"To develop more accurate diagnosis and treatment approaches for patients with pulmonary diseases, we have to analyse sample cells directly from the lungs rather than by drawing blood," said one of the inventors Tony Jun Huang, professor at the Pennsylvania State University in the US.
"This (device) will offer quick analysis of samples without having to send them out to a centralised lab," said first author of the study Po-Hsun Huang from the Pennsylvania State University.
"This is the first on-chip sputum liquefier anyone has developed so far," Huang said.
There are several issues with the current standard method for sputum analysis.
The first is that human specimens can be contagious, and sputum analysis requires handling of specimens in several discrete machines.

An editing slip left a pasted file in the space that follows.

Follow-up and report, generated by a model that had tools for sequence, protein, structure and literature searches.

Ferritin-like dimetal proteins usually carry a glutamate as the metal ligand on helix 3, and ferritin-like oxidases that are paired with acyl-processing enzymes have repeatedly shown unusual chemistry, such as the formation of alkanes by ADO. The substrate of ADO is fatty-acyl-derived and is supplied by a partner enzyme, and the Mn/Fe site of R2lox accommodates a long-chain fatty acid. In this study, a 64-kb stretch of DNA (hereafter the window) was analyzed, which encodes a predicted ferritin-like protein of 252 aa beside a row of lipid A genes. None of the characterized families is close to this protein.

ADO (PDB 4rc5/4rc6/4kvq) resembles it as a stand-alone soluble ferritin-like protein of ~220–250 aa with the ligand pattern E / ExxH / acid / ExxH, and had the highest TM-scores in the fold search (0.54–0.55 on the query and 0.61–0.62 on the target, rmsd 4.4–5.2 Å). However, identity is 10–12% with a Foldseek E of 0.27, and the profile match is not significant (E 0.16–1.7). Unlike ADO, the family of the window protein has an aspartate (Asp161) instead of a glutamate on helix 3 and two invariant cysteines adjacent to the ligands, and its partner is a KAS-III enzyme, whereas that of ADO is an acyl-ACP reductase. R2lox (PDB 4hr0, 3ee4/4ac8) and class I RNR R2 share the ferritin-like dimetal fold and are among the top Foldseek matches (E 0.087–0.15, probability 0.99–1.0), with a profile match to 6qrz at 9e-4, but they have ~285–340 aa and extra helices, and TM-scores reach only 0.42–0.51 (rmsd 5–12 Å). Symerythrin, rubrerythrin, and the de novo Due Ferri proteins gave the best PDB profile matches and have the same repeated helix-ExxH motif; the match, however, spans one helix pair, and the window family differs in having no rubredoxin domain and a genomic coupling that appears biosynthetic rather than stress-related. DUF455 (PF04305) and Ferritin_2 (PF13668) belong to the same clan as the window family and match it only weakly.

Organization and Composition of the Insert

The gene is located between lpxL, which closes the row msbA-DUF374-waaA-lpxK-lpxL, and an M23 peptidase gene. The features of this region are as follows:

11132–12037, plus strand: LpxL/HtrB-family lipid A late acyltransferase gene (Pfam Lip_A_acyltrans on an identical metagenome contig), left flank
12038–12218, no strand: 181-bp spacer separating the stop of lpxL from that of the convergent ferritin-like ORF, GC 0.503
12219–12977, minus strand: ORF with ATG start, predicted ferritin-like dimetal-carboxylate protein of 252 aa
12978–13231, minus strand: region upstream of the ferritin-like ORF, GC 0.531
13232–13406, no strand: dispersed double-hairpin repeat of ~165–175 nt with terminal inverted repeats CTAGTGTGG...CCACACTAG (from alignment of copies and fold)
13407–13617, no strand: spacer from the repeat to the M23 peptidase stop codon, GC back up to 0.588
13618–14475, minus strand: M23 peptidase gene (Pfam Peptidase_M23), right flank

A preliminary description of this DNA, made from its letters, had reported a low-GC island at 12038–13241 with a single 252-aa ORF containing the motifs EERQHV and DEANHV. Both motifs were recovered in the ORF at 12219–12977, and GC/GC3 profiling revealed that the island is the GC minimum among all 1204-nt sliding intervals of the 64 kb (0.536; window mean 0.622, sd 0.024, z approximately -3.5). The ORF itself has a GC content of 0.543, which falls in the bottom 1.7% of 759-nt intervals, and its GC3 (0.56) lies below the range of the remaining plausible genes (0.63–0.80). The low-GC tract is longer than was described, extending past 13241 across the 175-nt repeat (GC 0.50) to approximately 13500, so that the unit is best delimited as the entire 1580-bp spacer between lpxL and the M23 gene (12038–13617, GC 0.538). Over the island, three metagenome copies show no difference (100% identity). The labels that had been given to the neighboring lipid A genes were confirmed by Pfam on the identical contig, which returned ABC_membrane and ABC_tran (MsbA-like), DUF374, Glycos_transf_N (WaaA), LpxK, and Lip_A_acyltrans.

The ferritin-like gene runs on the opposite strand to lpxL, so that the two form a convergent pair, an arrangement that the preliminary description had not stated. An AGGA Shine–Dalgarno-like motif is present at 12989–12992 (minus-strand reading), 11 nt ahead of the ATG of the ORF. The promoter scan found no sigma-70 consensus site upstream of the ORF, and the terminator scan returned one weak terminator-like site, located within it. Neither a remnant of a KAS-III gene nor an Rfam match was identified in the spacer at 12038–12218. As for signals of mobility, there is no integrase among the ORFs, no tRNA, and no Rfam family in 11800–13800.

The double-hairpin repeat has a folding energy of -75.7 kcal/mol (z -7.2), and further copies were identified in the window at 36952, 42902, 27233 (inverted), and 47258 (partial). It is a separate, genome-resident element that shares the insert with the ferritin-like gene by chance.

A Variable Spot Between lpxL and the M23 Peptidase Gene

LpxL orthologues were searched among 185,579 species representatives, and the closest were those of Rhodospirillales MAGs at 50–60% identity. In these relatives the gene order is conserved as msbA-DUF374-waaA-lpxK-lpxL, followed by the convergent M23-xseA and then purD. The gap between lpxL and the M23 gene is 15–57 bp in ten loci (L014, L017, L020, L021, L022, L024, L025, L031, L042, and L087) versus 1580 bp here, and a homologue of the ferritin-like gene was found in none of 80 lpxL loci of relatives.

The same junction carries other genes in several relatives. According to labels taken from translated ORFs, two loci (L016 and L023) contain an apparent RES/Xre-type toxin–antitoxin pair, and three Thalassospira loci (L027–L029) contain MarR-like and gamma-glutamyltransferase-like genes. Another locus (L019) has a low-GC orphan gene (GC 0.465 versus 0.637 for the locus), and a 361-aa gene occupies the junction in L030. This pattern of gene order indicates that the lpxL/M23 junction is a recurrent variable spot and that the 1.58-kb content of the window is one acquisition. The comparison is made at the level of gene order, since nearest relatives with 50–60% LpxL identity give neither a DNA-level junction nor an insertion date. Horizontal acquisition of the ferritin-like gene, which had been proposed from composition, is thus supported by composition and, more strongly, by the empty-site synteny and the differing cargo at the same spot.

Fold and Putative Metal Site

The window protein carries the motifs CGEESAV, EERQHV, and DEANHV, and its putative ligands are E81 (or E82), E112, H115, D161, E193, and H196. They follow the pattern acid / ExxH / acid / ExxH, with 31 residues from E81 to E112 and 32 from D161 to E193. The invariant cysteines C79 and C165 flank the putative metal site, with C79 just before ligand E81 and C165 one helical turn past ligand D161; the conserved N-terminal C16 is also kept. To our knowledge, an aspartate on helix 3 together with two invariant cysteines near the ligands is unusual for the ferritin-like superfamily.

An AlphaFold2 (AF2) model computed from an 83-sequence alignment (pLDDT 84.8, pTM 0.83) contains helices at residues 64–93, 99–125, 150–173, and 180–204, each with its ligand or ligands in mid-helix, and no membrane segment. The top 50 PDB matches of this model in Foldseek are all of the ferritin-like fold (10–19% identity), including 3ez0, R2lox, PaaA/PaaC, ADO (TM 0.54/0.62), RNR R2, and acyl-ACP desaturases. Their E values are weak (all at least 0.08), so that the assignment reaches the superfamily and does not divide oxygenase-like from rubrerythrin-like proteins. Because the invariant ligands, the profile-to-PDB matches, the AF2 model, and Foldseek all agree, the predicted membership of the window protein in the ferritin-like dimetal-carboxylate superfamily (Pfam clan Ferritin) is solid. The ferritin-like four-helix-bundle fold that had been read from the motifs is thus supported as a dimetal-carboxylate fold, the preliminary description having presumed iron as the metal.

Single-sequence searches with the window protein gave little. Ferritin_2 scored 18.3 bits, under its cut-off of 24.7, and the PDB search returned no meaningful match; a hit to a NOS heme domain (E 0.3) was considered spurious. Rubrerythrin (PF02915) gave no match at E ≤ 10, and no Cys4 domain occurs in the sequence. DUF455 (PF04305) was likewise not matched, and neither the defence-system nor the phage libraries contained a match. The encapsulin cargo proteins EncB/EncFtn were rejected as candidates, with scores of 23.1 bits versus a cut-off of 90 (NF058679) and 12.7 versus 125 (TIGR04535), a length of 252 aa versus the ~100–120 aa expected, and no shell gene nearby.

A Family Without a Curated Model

With this device, all biospecimens are safely contained in a single disposable component.
Another issue is the sample size required for analysis in the current system, which is often larger than a person can easily produce.
The acoustofluidic sputum liquefier created by Huang's group requires 100 times less sample while still providing accuracy equivalent to the standard system, the study said.
A further issue is that current systems are difficult to use and require trained operators.
With the lab-on-a-chip system, a nurse can operate the device with a touch of a few buttons and get a read out, or the patient could even operate the device at home, said the study published in the journal Lab on a Chip.